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A Risk Reduction Strategy for Human Exploration of Space: A Review of NASA’s Bioastronautics Roadmap
risk-focused analysis of organizational and cultural issues become a visible part of the BR process.
Recommendation 4.2—Conduct Periodic Assessment of Additional Risks from Lack of Resources and Use This to Make Decisions About Microgravity and Behavioral Research Support
The committee recommends that NASA perform regular, detailed assessments of the additional risks to the conduct of the President’s 2004 vision for space exploration posed by the lack of available resources to fully address the issues posed in the BR. This assessment should then be used to make early strategic decisions regarding issues such as, but not limited to, the following:
1. How to provide support for a microgravity research platform that will have the resources (crew time, up-mass, facilities, and power) for the large amount of work necessary to validate countermeasures; achieve Technology Readiness Level 7 for life support systems sufficiently early in the design phase to allow their integration into the overall vehicle; and demonstrate the utility of medical procedures in microgravity.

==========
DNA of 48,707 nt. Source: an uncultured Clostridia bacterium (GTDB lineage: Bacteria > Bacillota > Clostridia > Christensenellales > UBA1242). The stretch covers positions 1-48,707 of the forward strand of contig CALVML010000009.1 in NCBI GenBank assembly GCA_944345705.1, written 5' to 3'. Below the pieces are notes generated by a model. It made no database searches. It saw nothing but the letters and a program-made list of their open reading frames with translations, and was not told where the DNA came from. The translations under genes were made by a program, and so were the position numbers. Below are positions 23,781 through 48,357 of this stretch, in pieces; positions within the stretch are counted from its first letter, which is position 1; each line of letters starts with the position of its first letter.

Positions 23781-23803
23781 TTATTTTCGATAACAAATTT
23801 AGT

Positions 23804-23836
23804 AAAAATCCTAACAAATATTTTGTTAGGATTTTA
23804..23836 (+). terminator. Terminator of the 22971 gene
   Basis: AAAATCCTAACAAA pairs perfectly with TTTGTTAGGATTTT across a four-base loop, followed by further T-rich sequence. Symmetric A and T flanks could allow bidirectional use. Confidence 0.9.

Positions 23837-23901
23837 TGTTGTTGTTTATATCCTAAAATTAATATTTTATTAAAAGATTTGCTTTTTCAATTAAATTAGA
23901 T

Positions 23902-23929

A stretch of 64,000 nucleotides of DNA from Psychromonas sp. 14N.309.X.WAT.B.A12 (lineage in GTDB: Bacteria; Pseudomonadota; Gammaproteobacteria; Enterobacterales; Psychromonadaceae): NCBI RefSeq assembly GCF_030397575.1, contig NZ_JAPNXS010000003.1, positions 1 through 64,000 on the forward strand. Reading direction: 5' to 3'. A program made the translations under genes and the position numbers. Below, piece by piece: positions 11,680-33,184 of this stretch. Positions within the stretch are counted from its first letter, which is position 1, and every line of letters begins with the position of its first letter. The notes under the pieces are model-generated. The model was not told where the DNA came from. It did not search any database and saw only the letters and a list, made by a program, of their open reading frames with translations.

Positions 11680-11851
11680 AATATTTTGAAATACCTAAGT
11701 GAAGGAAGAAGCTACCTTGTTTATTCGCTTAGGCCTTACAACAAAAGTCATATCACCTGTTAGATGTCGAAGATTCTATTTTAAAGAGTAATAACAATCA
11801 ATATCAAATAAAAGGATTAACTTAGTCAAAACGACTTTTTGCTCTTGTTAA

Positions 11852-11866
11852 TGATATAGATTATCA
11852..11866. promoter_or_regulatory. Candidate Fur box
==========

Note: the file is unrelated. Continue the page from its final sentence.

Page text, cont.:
2. How to support the extensive behavioral research program that would be necessary to validate processes or countermeasures such as select-in–select-out criteria (both for individual crew members and for a composite crew), issues related to cultural diversity, crew interactions, and isolation or stress-induced hazards. These issues may well require long lead times to study adequately.
Recommendation 4.3—Use Bayesian Sequential Trials Approach and Hierarchical Random or Fixed Effects Methods to Address the Small Sample Size
Drawing on the findings of the Institute of Medicine report Small Clinical Trials: Issues and Challenges (IOM, 2001), the committee recommends the use of pooled data from Bayesian sequential trials techniques and hierarchical random or fixed effects methods to compensate for the small sample sizes associated with individual flights.